Wednesday, November 29, 2006

Soft Tissue Discovered!

Recently I received an article in an email from a colleague about soft tissue from a dinosaur. I know, can you believe it? I couldn't.

Earlier in 2006 a Tyrannosaurus rex femur (thigh bone) was recovered from Montana. The 70 million year old fossil was found to have soft tissue within it. Somehow the soft tissue had resisted fossilization. It is said the tissue includes blood vessels, bone cells and possibly blood cells. As to whether or not DNA can be extracted is yet to be determined. The likely hood of DNA surviving is extremely rare.

The article is from the California Academy of Sciences, Science Now and I would encourage you to have a look. Images of the soft tissue are available at the site.

Thursday, November 23, 2006


This morning I was working hard in the lab on Betsy's final field jacket removing matrix and separating stomach contents surrounding the pliosaur. So far the remains from the stomach contents have been microscopic to say the least, milimetres in size. So you can imagine my surprise when a larger fish vertebra was recovered amongst the smaller items. The vertebra (backbone) is approximately 1.2 cm in diameter. That's 7-8 times larger.

That was not the end of my excitement for the morning. Soon after about 15 cm away I found a second fish vertebra of approximately the same size. They are currently being cleaned and I will present the images in a future blog with other remains recovered from the stomach contents.

Saturday, November 18, 2006

Only 1 Field Jacket Left

Following up on "Betsy" (a short-necked plesiosaur discovered in 2004) we are now down to the final field jacket. Yesterday with the assistance of volunteers we were able to cut the remaining jacket down to a workable level and lifted it onto a work bench. This is the largest jacket from this specimen, approximately 1 metre by 1.5 metres, weighing almost 400 pounds. Most of the skeletal remains including, hips, shoulders and numerous vertebrae are within this jacket.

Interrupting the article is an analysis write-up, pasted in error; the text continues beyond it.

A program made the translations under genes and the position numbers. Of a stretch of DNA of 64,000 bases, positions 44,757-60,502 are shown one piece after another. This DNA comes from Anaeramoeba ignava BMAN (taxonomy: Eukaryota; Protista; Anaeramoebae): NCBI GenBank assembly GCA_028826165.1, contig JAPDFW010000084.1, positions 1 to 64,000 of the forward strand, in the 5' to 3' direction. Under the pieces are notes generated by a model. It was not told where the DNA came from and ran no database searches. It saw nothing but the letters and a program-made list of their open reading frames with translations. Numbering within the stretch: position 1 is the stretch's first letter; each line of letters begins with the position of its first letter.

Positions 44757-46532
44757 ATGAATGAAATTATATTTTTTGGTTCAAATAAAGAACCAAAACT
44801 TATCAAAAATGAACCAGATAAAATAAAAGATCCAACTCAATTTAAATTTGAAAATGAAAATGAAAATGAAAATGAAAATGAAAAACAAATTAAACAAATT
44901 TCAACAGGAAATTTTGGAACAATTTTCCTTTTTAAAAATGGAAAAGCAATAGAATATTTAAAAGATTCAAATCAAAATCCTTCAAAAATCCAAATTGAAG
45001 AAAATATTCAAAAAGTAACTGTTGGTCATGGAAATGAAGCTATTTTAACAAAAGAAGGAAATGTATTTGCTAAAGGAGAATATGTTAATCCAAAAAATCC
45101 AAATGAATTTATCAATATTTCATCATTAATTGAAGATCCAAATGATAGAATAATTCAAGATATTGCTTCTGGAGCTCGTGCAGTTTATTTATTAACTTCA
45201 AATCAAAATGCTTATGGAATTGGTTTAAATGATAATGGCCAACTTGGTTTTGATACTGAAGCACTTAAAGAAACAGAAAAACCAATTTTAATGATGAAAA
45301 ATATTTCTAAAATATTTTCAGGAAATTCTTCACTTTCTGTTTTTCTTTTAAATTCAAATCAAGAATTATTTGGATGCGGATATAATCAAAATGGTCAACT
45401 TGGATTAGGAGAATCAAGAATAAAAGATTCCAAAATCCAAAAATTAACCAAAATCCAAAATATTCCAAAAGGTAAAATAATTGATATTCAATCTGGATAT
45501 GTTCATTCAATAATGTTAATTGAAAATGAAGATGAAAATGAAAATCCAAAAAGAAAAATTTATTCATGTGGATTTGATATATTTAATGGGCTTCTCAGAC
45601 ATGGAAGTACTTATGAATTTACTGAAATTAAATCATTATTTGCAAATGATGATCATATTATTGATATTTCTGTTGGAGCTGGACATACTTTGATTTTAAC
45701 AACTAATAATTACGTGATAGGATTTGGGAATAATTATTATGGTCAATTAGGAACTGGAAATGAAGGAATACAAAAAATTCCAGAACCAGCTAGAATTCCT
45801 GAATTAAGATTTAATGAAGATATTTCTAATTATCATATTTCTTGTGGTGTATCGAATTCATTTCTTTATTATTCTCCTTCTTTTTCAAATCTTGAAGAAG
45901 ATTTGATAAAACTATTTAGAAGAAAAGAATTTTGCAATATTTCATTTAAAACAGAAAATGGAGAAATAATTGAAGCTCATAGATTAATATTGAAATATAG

Tuesday, November 14, 2006

Lab Update....Skull Revealed

Since Betsy's skull was brought into the lab a couple of weeks ago, I have been working hard with a volunteer to prepare it for display in 2007. Approximately 15 hours have been contributed thus far and almost all of the remains have been exposed in the field jacket. It is fractured in many places but overall the preservation is very good for this area.

I have noticed some interesting things while extracting the skull; stomach contents have been found within the skull region including many fish teeth possibly from Enchodus approximately 1cm in length. The interior of the skull also appears to be flipped and is in the opposite orientation of how it should be. Once I have a closer look I will hopefully have more answers about the specimen and possibly some clues as to where the rostrum (front of the skull) is located at the site.

Thursday, November 09, 2006

Manitoba Paleontology Symposium

Save the date; SEPTEMBER 27-29, 2007
The CFDC is creating a Manitoba Paleontology Symposium (MPS) to be held at the Canadian Fossil Discovery Centre! The MPS will allow for Manitoban paleontologists to network and be informed on the current research emanating from the province. This is also an opportunity for other paleontologists originally from Manitoba studying elsewhere to show the province what they have contributed to paleontology. Other paleontologists conducting research relating to the paleontology of Manitoba are also encouraged to attend and present.
The MPS will consist of platform and poster presentations and a Paleo Expo highlighting paleontology resources. There will also be a welcome reception, banquet and field trip to the Manitoba Escarpment. Currently platform and poster presentations are being accepted. More information is available on the CFDC website

Student Assistance

Through the assistance of the University of Winnipeg, Chris West, a future paleontology student was recently hired to assist with the Betsy Stomach Contents analysis. He will be dissociating the fossil remains from the matrix, sorting them and cataloging them in a lab at the university.

It is encouraging to find students in Manitoba pursuing a career in paleontology. There are many paleontology resources our province has to offer that are under utilized. In that respect the CFDC will be hosting a paleontology symposium targeting the promotion of paleontology (both invertebrate and vertebrate) within Manitoba.

I hope Chris will enjoy his time with the CFDC and hope it will lead to future contacts and networking. Welcome aboard.